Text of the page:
bouncers kneeled and was about to continue punching my friend who was
on the floor in a semi-conscious state When I pushed him away, I
immediately felt something tightening around my neck: I was put in a
chokehold by one of the bouncers. Once I was unable to retaliate, I was
put on the floor and punched and kicked in the face and the ribs while I
was trying to catch my breath. Thankfully I was able to protect my head
with my elbows but they got in at least six successful jabs to my face
and four on my ribs, and I have carpet burns on my elbows from being
dragged on their “red carpet.” My sister and her friend, thinking they
wouldn’t be handled violently, rushed to stop the situation. My little
sister was dragged by her hair for several feet and handled very
violently, as was her friend. I have never seen in my life women being
handled so violently. After they were done with me, I managed to stand
up and take pictures, but they deliberately flashed their flashlight at
our phones to make the photos blurry. I later found out my friend was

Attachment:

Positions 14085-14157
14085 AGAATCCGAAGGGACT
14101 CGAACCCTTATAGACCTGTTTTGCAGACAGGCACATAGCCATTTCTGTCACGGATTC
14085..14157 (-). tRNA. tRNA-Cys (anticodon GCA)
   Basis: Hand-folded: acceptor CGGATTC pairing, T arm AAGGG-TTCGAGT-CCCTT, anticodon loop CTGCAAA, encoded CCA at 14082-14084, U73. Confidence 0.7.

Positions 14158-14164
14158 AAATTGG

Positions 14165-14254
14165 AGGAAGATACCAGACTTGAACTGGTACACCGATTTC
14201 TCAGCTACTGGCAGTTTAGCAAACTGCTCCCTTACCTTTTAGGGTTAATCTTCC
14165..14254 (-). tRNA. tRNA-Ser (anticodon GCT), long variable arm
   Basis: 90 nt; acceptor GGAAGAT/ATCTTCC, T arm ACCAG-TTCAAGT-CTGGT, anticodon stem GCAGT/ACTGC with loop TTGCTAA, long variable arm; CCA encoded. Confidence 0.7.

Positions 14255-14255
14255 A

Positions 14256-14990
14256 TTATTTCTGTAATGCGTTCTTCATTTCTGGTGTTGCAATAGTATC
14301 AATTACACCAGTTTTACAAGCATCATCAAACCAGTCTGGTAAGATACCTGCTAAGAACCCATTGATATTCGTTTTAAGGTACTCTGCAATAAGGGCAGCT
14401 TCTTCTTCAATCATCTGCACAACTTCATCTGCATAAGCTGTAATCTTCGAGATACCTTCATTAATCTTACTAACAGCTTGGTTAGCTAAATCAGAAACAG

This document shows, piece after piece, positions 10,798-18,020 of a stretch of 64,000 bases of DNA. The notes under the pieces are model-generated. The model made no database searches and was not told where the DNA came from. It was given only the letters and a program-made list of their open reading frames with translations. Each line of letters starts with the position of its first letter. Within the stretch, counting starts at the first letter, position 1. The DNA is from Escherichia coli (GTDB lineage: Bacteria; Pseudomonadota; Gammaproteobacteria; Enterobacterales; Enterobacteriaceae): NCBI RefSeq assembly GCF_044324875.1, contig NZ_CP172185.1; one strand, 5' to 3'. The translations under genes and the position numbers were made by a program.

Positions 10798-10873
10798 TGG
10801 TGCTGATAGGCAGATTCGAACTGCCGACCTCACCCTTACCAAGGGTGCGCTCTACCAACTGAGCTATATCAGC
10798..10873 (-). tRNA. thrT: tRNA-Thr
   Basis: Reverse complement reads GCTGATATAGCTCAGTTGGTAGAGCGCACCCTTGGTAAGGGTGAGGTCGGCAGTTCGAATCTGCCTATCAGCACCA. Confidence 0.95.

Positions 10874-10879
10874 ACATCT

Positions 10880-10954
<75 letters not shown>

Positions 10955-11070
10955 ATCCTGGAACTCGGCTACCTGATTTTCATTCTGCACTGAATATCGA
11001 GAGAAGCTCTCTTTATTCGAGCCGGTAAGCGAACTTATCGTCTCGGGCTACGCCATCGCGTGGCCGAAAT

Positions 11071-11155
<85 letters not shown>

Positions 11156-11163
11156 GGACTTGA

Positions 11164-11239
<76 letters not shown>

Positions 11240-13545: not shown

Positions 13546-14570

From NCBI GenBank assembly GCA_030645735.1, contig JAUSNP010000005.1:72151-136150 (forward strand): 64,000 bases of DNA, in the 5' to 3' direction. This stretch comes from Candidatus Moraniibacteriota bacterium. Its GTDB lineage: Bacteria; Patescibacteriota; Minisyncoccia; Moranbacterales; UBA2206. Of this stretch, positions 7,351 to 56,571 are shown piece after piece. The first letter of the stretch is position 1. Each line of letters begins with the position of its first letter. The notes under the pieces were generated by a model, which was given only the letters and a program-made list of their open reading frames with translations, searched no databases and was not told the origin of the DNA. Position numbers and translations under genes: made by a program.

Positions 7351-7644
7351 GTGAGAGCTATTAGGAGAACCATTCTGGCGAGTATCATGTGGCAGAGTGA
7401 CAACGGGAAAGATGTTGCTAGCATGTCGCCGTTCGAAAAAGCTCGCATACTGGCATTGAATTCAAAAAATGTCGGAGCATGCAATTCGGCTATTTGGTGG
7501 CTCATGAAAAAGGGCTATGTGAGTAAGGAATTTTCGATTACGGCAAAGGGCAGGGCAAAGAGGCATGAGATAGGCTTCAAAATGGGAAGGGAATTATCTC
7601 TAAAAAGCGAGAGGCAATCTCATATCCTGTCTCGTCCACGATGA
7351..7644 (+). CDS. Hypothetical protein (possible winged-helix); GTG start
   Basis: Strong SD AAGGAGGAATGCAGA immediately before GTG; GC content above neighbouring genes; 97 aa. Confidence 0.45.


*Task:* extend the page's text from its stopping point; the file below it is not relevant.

put in a chokehold in the first place for filming the beginning of the
situation. Their quick resort to violence, their organization, and their
attempt to prevent photo documentation indicates that this behavior was
tactical, rehearsed and commonplace. The scene was so violent, two
young women we did not know called the police. When the police came,
they told us the only thing we could do is file a report to the police
station the following day, but we all know there is never justice in
those cases. One of the bouncers even approached them, not intimidated,
to tell them the police officer could come inside talk to the director
of the nightclub, his casual behavior jarringly different from the